My thoughts on setting BIN prices on your domain names

BIN Prices Domain Names

One of my favorite ongoing debates in the Domaining world surrounds a topic that might sound simple but ends up being surprisingly complex, should you price your domains or leave them open to offers? It’s a topic that I personally have gone back and forth on for years but over time I’ve landed in the BIN camp.

Of course this answer is different for different people so take anything I say here with a grain of salt but here’s the advantage I see to putting a BIN price on your names. When someone is looking for a domain name, and they don’t have one specific name in mind, they’re often driven by a name that they can easily find is available for sale, and is in their budget.

In most cases I think it’s pretty darn likely that when you sell a name at its BIN price, you probably did leave some money on the table. Just because someone bought your name for $3,500 doesn’t mean they didn’t have a $4,500 or even $7,500 budget. What it does mean is that the combination of domain and price made them pull the trigger right then and there.

If the same name was listed as “Make Offer” you could sell it for more but that same buyer could also easily overlook it. The question you have to ask yourself is how much profit are you happy with? Years ago I set my goal at 10x and told myself, if I can sell a domain for 10x what I’ve paid for it, I should be happy. This doesn’t mean that I price every domain at 10x my buy price, I have names at 20x, 30x or more in some cases, but I’m never going to be upset about a good return.

Let’s be honest – it’s easy to be obsessed with dollar values, you see a similar two-word .COM to one that you bought for $500 sell for $25,000 and suddenly that becomes your new price expectation. Sure you can turn down that $10,000 offer, but if you stop to think about making 20x what you paid and re-investing that money, it’s not hard to understand why making that $10k sale sooner could be a better long-term move.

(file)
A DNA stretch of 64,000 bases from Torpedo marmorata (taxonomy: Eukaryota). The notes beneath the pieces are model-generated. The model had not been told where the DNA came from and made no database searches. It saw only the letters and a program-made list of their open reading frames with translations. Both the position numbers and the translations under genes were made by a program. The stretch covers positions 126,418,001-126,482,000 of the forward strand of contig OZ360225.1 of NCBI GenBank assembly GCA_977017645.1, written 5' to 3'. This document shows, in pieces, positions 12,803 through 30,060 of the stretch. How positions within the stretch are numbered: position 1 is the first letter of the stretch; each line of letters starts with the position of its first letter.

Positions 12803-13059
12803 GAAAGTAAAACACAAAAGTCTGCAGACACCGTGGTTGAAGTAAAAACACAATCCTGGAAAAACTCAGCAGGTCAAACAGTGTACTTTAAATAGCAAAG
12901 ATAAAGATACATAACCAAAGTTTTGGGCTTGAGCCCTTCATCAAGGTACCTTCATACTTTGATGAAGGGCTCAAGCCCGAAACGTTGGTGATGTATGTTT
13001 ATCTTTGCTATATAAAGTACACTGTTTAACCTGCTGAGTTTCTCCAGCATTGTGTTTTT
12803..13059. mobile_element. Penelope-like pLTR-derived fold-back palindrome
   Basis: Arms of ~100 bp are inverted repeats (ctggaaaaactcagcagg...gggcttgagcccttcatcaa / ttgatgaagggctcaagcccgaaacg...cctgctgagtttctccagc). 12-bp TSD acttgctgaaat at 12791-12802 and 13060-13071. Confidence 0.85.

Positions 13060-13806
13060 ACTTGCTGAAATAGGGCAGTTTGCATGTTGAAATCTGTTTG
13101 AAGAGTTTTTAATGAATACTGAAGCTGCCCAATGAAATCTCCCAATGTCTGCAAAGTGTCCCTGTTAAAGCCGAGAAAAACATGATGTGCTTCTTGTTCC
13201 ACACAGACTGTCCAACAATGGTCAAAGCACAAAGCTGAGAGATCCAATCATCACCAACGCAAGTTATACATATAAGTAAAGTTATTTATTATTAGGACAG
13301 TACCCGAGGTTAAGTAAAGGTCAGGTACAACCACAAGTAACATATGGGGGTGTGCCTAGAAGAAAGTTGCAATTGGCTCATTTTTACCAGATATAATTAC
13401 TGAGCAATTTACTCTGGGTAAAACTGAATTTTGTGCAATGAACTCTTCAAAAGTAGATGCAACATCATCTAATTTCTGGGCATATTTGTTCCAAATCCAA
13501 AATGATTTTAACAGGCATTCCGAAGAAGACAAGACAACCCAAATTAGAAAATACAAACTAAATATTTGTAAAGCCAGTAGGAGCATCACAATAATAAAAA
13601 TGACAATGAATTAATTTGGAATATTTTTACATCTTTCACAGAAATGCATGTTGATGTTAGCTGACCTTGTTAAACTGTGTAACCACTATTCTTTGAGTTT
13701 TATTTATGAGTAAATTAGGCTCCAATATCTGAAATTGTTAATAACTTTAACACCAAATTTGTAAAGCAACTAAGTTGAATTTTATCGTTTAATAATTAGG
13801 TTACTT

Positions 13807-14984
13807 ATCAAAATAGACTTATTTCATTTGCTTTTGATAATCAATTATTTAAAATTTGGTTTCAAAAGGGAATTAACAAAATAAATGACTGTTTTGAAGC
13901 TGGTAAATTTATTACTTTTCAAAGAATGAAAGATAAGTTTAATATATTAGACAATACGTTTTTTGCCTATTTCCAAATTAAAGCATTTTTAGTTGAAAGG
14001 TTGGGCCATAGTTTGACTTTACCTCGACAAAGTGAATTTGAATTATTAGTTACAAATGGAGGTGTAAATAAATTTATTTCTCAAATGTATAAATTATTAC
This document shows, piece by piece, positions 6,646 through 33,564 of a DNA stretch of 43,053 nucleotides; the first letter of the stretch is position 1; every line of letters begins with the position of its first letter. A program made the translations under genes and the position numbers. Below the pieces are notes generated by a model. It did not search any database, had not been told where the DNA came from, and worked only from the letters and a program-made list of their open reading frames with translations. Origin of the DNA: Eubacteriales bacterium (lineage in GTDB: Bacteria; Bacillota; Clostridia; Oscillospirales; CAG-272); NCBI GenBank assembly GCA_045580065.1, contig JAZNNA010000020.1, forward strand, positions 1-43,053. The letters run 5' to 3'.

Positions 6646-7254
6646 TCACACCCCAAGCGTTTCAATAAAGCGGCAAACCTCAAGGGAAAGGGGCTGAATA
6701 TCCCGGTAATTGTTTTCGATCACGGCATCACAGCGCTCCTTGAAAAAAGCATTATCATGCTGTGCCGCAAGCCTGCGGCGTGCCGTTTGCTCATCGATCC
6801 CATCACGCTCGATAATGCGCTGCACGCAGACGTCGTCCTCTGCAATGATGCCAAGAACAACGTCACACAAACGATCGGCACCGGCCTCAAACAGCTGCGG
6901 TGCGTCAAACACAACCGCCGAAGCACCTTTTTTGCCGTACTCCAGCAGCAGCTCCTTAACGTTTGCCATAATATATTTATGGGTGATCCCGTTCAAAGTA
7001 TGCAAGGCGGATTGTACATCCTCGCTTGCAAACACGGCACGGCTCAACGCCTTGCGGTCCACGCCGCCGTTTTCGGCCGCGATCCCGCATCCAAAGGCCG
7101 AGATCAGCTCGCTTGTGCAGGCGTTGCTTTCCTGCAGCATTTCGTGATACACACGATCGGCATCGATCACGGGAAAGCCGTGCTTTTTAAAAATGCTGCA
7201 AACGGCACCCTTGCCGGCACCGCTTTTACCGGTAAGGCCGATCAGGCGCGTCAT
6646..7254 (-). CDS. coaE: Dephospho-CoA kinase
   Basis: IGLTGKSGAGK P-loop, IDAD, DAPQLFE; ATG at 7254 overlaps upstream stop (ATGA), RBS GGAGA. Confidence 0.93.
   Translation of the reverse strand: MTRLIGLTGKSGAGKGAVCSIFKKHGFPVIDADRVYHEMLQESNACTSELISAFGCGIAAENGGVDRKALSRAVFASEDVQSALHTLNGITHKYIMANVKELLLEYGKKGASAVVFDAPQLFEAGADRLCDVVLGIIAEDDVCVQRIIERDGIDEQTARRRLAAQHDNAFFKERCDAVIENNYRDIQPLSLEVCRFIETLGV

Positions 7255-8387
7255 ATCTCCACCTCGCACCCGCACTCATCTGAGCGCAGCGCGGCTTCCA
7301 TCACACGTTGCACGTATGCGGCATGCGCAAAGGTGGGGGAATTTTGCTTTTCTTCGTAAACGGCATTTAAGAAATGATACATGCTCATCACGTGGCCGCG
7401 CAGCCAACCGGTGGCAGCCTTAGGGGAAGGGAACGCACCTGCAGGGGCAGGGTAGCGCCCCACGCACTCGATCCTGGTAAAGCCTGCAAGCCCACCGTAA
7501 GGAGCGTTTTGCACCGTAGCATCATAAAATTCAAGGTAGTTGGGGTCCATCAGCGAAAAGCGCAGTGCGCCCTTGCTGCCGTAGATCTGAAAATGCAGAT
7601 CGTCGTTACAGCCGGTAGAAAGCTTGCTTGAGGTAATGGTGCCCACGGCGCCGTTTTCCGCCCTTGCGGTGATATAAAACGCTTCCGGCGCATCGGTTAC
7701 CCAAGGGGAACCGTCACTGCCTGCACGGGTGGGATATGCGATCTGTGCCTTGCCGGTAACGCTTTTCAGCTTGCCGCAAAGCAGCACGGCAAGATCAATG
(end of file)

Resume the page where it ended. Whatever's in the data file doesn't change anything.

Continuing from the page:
So like most rules, there are exceptions. Let’s suppose you got a killer one-word .COM for $10,000 – you did your researched, negotiated like crazy, and landed yourself a solid six-figure domain. I’m definitely not saying that you should price your domain at $100,000 and be happy if you get it. Maybe you want a $500,000, maybe it’s a million or a bust. You’re willing to wait 5 – 10 years (or longer) for the right buyer to come by who will pay top dollar.

This exception is important because if you do have some (or many) truly premium domains then you probably will benefit from having a longer time horizon and waiting for that perfect buyer. I’ll tell you that Rick Schwartz probably wouldn’t have sold for over $8M if he wasn’t willing to turn down plenty of amazing offers and take the time to wait for that perfect buyer that would pay what he knew it was worth.

That being said, businesses need liquidity and if you’re holding out for the perfect buyer for that $10 two-word .COM hand reg, think a bit more about what a $1,500 or $2,500 sale would actually mean when it comes to ROI. I’m not telling you not to be greedy, but I am saying to balance that with practicality and put yourself in the mind of the buyer and make it easy to buy a domain from you.

Of course, if you have a portfolio full of junk you can set BINs all you want and nobody’s going to buy. Too often I’ve seen people with garbage hand registrations complaining that they keep lowering their BINs but nobody’s buying. If you do have domains that could actually spark the interest of someone other than you, then setting a BIN is, in my opinion the best way to improve your liquidity.

What do you think? Comment and let your voice be heard!

Morgan Linton

Morgan Linton